For some context, I'm a relatively junior librarian with slightly over 3 years of experience working in the Information Services (formerly Reference) department.
But as I said last year, what I write below may not be typical of what academic librarians here do, because there is no such thing as a "typical librarian" and even if such manner of a beast exists there is no such thing as a "typical day or week" anyway.
Came into office and ran through my normal routine of checking through the prior night's LibAnswers queries, environment scans for mentions of my library in Twitter, Facebook etc. Today I'm on duty manning the beta chat service up to 130pm.
Incidentally, I am also finishing up a presentation on the results of the beta chat service from Aug-Dec 2010 to be presented to the senior management on Wednesday. I already finished most of it except the hardest part, estimating the manpower requirements based on various scenarios (number of chat points), but I was helped by the LSW Friendfeed people who generously shared data about chat traffic statistics.
I also answered two emails from users. I am happy to note that a Honours year student got the dataset he requested, while another research staff asked about three databases, of which we had one already.
This morning, I also had two meetings, the first was a presentation of new features in our University's courseware software. Some new interesting features there. This was followed by yet another meeting, this time on some long term reorganizing of the library with regards to how communication is structured.
An email also arrived from a colleague with regards to this idea I read and sent during the weekend about embeding Google analytics into the library's OPAC from this paper.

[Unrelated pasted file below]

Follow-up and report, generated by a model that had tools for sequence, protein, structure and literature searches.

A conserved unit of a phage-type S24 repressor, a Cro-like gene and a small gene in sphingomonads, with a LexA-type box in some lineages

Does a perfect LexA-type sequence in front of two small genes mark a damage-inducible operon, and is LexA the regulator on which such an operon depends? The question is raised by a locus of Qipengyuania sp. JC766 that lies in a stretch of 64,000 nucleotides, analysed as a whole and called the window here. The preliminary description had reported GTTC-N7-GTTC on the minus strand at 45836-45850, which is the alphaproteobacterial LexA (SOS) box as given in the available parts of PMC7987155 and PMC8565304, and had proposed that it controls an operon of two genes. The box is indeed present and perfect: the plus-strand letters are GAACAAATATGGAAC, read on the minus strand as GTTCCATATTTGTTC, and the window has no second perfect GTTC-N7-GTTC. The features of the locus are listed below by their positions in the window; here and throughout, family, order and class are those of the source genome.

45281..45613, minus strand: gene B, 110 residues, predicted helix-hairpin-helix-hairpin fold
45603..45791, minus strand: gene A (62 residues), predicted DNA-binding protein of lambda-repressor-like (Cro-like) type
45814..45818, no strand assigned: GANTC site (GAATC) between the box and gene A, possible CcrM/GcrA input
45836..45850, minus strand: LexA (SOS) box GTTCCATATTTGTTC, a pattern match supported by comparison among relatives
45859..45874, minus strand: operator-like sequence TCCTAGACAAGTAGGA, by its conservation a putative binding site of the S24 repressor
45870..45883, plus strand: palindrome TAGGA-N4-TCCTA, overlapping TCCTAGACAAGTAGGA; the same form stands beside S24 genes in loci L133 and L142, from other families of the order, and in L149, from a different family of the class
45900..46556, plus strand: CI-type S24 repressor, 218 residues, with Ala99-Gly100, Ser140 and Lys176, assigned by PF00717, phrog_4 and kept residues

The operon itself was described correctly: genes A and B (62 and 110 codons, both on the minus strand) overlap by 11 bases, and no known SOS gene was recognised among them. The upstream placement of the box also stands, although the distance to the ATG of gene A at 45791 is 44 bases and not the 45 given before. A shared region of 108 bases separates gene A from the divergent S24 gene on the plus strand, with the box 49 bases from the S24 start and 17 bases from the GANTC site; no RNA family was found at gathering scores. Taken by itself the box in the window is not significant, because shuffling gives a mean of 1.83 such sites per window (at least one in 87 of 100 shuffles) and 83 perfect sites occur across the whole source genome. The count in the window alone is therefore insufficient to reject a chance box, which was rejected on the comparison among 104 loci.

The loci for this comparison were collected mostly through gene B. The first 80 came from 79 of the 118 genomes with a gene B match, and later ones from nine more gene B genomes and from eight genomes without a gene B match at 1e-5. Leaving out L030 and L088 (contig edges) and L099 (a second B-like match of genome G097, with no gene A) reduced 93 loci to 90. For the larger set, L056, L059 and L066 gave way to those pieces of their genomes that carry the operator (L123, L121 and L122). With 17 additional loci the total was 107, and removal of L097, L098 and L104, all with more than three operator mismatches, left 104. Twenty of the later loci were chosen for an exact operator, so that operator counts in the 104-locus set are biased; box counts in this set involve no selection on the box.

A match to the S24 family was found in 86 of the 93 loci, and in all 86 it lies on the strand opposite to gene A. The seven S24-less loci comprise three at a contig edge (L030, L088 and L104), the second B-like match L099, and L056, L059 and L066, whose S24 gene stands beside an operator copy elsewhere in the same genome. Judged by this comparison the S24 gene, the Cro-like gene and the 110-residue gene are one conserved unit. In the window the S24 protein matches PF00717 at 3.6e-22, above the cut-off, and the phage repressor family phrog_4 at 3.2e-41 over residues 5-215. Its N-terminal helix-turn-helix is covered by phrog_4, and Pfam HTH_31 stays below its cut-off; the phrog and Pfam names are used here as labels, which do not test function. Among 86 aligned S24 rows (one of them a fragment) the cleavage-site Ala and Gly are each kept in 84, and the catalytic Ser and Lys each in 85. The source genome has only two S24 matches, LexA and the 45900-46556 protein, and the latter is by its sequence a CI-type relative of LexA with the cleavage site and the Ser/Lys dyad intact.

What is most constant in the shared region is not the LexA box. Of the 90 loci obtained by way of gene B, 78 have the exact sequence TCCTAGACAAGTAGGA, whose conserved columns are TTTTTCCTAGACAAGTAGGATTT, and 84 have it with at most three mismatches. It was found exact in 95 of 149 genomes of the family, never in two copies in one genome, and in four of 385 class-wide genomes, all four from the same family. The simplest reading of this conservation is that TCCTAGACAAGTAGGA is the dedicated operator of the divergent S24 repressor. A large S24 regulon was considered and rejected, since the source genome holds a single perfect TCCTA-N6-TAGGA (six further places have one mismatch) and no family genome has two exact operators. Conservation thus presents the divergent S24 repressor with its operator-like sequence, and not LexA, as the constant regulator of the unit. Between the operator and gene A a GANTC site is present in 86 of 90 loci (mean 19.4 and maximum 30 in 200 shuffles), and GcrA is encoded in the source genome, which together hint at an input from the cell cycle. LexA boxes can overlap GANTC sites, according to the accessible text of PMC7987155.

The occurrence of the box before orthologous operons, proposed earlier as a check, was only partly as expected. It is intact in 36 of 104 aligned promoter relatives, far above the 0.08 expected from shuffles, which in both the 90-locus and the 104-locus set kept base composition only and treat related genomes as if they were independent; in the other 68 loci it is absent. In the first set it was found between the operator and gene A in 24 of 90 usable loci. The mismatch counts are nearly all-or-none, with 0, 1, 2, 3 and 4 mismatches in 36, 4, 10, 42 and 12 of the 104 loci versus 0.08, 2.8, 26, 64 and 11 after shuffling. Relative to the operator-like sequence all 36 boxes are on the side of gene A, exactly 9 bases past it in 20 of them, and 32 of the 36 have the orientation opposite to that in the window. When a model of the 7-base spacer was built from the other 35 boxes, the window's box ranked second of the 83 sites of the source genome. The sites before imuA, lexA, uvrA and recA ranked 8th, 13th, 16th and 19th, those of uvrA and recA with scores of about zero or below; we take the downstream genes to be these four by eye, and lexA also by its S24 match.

By now I had answered five chats, all of which were fairly basic. Then it was off to lunch.
After lunch, a collegue also consulted me about getting a iPhone app for the OPAC and we tried to find information with regards to Zoombo, the newly announced III iPhone app. I continued with preparing for the presentation. Midway, Tweetdeck noted a negative comment tweeted about the library, followed promptly by a retweet, I monitored this to see if more retweets would follow fortunately none did, but engaged in some service recovery anyway (See this post for details about the real time scanning I do).
I sent a quick IM to the library information technology department, my amazing colleague there checked it immediately and within minutes informed me it was fixed! Talk about amazing response time. Through the use of chat channels and real time twitter scan, the library was able to quickly spot and resolve fast developing situations! All in all the response time was so quick, here in Central, there was time only for one chat complain and one tweet about issue.
Was on leave. Didn't do much official library work, beyond my usual reading and scanning. Did a couple of personal things including taking pictures to replace my old profile picture (not uploaded yet here). May submit an abstract for a upcoming local conference here.
Crazy day. First I was trying to test the new library portal prototype. I was assigned to test using Firefox, running through some functional tasks to make sure everything works okay as a first cut.
I also spent some time verifying the steps to put Google analytics into the catalogue and evaluating a database resource for possible subscription.
In the afternoon it was usability testing time where I observed two users go through a couple of common tasks on the new prototype. Very enlightening.. It's not so much how fast they do it, or whether they can complete the task, but what you learn by watching them, followed by questioning later.
I won't say much about what I learnt, but let me say that it confirms quite a bit of my suspicions of how people are using library sites these days. Will see if this holds with more testing. Immediately after that, there was this big meeting on the portal with the vendors and the management.
All of it went pretty smoothly, but at the tail end it was my turn to "perform". I was presenting the results of the library's beta chat project that I ran since Aug 2010. It's one of the project that is nearest and dearest to my heart, basically because the response to it has being amazing so far. Users loved it! I knew they would but not at this level.